"Mr. Chairman, honorable judges, misguided members of the opposition, and members of the floor: Good day to all. "Standing here today on this breezy morning as the third speaker for the proposition, I wish to continue where my team-mates left off to correct the misleading information presented by the opposition.
"For instance, the second member of the opposition claimed that the youngest child will be treated more leniently than the others. Now, is this an advantage? By being treated too leniently, the child might think that his misbehavior is perfectly acceptable. Ever heard of the expression "Spare the rod and spoil the child"? It is true. Without strict and loving discipline, a beloved child might end up being the black sheep of the family. Now, the opposition contends that it is an advantage to be spoilt in this way. How can this be?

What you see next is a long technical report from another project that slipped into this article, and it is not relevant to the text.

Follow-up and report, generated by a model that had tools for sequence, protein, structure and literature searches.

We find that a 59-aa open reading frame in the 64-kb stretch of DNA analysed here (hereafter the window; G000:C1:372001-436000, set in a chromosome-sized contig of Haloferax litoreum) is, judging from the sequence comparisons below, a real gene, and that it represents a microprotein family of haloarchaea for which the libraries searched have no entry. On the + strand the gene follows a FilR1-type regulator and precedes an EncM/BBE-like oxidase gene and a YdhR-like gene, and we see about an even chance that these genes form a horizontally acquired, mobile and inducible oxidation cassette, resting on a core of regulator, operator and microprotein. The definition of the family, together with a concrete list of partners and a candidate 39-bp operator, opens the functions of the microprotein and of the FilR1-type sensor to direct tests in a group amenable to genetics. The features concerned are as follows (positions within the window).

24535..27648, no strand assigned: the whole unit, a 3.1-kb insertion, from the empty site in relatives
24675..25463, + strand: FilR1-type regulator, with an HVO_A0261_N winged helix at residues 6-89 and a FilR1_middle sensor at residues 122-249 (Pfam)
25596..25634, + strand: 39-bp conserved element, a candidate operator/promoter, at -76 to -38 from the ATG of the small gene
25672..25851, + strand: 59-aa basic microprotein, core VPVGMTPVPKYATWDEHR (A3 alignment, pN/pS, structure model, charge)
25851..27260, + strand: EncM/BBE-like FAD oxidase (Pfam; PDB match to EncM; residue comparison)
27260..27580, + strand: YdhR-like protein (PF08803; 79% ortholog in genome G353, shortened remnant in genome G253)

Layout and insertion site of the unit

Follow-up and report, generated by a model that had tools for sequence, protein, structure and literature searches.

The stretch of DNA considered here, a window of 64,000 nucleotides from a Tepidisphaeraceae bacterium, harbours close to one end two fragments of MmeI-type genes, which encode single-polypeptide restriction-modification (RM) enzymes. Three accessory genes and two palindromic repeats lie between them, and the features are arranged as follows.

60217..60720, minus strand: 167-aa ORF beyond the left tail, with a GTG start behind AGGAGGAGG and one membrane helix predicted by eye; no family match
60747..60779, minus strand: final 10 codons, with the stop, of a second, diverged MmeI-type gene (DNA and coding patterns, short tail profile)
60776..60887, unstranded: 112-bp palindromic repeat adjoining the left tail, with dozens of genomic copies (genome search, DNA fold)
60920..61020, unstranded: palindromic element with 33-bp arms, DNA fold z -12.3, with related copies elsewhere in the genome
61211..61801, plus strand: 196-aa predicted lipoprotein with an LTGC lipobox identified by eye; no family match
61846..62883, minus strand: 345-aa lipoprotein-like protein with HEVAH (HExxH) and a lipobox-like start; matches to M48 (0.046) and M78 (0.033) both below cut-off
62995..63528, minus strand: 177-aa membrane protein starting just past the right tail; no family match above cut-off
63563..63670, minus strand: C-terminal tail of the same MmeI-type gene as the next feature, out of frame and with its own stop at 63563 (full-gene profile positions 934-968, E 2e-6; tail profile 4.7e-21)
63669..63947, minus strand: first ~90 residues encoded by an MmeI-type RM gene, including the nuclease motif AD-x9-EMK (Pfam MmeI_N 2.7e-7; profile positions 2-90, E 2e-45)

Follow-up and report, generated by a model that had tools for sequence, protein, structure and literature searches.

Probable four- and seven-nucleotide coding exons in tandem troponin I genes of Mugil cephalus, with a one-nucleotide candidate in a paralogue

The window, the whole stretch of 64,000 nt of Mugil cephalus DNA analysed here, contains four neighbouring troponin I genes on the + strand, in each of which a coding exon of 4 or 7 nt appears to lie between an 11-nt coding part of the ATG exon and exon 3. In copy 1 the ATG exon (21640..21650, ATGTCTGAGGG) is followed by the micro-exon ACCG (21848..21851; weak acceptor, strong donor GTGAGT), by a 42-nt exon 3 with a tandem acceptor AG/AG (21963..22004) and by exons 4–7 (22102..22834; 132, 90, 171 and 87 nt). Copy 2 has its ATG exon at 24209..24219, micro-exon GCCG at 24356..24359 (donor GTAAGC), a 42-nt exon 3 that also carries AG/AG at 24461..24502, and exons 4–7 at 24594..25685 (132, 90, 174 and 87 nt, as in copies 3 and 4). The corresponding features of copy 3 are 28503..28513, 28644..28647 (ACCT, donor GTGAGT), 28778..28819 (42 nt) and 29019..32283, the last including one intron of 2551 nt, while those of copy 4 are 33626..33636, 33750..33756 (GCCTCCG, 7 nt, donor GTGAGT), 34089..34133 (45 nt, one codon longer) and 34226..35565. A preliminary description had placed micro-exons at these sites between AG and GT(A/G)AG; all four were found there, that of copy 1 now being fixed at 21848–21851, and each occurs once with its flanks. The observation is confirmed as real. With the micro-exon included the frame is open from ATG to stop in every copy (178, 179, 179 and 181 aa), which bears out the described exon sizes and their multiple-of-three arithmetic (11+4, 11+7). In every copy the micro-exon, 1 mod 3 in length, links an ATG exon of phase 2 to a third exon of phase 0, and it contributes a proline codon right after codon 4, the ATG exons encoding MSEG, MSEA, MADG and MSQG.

"The opposition has also pointed out that the youngest child is usually more pampered. I agree. But, again, is this good? It is indeed enjoyable to be fussed over, pampered and mollycoddled but what will this pampered child grow into? It is a maxim that too much or too little is no good: Once a pampered child grows up, he will be overly dependent on others, in other words, spineless. Would you like to be this spineless adult? I leave you to decide.
"Ladies and gentlemen, having straightened out a few delusions of the opposition, I shall present my own points. One of the advantages of being an eldest child is that he is used to being respected and obeyed by his siblings. This is because they know he is wiser and more experienced. This is a good feeling and it creates high self-esteem. This self-esteem will motivate him to succeed in every aspect of life.
"Undeniably, the eldest child will shoulder more responsibilities. He will often be left in charge of the younger ones. The eldest child is also cast as a role model for the younger ones. Thus, he has to try harder to maintain discipline and a high standard of...
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